Organizing, Managing, and Measuring Concurrent Engineering

  • Sammy G. Shina


This chapter will discuss nontechnical but very important aspects of concurrent engineering: organizing, managing, and measuring the interdisciplinary effort required. When introducing these concepts to an organization, it is important that the different parts of the organization see this effort as an opportunity to represent their particular needs and concerns; yet they have to agree on a common set of goals that benefits all. The results of not paying attention to team building and reducing interdisciplinary conflict could put the concurrent engineering effort at risk.


Team Member Project Team Team Leader Design Guideline Quality Function Deployment 
These keywords were added by machine and not by the authors. This process is experimental and the keywords may be updated as the learning algorithm improves.


Unable to display preview. Download preview PDF.

Unable to display preview. Download preview PDF.

Suggested Reading

  1. Eekels, J. “The decision structure in the management of multidisciplinary design projects.” Proceedings of the ICED. Zurich: Heurista, 1985.Google Scholar
  2. Deming, Edwards. Out of the Crisis. MIT Center for Advanced Engineering Studies, 1986.Google Scholar
  3. Faraci, P. “New plotter design draws on teamwork.” Automation Magazine, March, pp. 44–46, 1988.Google Scholar
  4. Garret, Ronald. “Eight steps to simultaneous engineering.” Manufacturing Engineering ( Journal of the SME ), November, 1990.Google Scholar
  5. Gunn, Thomas G. Manufacturing for Competitive Advantage. Cambridge, Mass.: Ballinger Publishing Company, 1982.Google Scholar
  6. Hall, Robert. Zero Inventories. Homewood, Ill.: Dow Jones Irwin, 1983.Google Scholar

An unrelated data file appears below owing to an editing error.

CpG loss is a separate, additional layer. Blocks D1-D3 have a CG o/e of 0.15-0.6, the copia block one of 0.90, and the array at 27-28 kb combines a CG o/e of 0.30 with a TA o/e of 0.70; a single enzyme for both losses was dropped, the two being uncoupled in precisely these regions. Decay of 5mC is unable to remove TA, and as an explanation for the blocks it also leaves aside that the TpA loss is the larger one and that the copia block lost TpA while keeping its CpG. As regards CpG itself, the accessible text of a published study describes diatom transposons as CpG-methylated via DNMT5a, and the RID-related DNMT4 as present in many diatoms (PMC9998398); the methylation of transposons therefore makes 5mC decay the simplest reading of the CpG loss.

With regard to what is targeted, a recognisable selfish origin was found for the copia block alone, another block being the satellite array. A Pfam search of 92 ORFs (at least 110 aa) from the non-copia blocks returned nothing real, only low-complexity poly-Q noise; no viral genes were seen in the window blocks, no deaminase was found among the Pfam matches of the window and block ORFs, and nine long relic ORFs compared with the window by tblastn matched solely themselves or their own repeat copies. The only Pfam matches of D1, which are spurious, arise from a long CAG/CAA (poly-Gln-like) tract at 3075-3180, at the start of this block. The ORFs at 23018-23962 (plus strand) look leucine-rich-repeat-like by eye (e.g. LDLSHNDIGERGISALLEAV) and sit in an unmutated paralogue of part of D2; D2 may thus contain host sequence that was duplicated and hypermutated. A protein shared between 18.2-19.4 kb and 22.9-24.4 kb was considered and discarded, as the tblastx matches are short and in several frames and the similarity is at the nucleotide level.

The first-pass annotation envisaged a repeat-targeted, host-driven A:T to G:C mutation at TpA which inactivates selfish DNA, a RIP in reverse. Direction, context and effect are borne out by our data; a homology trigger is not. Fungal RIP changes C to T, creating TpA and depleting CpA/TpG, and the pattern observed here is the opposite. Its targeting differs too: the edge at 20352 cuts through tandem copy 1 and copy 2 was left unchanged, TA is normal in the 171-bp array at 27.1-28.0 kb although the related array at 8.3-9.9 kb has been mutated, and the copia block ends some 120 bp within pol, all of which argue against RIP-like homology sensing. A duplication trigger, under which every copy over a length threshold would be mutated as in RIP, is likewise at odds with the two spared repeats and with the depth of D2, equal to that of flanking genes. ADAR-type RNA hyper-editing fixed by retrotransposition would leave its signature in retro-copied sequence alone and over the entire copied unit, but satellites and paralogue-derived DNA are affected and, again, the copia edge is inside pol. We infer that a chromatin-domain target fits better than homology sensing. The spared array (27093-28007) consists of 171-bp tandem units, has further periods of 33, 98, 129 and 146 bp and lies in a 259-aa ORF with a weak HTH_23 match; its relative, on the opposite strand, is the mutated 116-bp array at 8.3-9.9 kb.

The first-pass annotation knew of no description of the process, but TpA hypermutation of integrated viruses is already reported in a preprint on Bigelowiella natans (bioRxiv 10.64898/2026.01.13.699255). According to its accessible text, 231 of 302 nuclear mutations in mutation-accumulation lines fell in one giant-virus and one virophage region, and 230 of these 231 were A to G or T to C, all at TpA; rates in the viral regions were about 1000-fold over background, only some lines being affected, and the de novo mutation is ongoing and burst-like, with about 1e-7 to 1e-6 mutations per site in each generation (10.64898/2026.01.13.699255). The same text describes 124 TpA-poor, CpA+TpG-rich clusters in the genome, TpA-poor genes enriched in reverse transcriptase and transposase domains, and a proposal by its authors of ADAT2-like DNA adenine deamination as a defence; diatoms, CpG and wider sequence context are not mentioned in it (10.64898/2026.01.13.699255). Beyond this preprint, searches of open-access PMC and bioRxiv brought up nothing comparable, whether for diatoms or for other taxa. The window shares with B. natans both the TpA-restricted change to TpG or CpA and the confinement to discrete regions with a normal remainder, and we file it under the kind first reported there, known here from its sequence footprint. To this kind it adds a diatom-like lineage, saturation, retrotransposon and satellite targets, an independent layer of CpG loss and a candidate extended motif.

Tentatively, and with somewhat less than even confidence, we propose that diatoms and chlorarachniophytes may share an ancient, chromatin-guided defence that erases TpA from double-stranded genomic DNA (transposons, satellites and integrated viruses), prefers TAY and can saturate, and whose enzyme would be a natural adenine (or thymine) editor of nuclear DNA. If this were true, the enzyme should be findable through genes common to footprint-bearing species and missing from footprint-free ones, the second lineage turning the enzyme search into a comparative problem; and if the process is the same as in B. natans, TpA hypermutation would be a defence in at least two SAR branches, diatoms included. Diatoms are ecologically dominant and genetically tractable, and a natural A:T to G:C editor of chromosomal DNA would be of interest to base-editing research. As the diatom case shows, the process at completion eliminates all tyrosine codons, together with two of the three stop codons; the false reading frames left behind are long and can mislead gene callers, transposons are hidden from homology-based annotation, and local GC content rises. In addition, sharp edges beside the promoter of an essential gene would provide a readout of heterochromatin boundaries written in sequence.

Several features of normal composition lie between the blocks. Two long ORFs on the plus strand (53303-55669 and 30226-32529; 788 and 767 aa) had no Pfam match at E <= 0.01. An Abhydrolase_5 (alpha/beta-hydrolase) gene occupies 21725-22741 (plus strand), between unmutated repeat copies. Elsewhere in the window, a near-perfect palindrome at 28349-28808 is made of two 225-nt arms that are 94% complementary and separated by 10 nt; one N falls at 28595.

7. Holusha, John. “Beating Japan at its own game.” The New York Times, July 16, Section 3, pp. 3–7, 1989.Google Scholar
  8. Hunsaker, P. and Alessandra, J. The Art of Managing People. Englewood Cliffs, N.J.: Prentice-Hall, 1980.Google Scholar
  9. Imai, Masaaki. Kaizen, The Key to Japan’s Competitive Success. New York: Random House Business Division, 1986.Google Scholar
  10. Kerzner, Harold. Project Management. New York: Van Nostrand Reinhold, 1979.Google Scholar
  11. Mohr, William. Quality Circles. Reading, Mass.: Addison Wesley, 1983.Google Scholar
  12. Nikou, E. Communications plus team building = product success. Printed Circuit Assembly Magazine, April, 1989.Google Scholar
  13. Shina, S. “The Technologist.” Keeping Pace with Change, The Challenge for Engineers. A joint conference of Northeastern University College of Engineering in Collaboration with the Massachusetts High Technology Council, September 1984.Google Scholar
  14. Spartz, D. Management Vitality: The Team Approach. Dearborn, Mich.: Society of Manufacturing Engineers Press, 1988.Google Scholar
  15. Spitz, S.L. “There is more to DFM than technology.” Electronic Packaging and Production Magazine, September, 1990, pp. 29–30.Google Scholar
  16. Schonberger, Richard. World Class Manufacturing. New York: The Free Press, 1984.Google Scholar
  17. Schonberger, Richard. Japanese Manufacturing Techniques. New York: The Free Press, 1982.Google Scholar
  18. Stuelpnagel, Thomas. “Total quality management.” Journal of National Defense, November 1988, pp. 57–62.Google Scholar
  19. Young, John A. “Technology and competitiveness: A key to the economic future of the United States.” Science Magazine, Vol. 241, 15 July, 1988.Google Scholar

Copyright information

© Van Nostrand Reinhold 1991

Authors and Affiliations

  • Sammy G. Shina
    • 1
  1. 1.University of LowellUSA

Personalised recommendations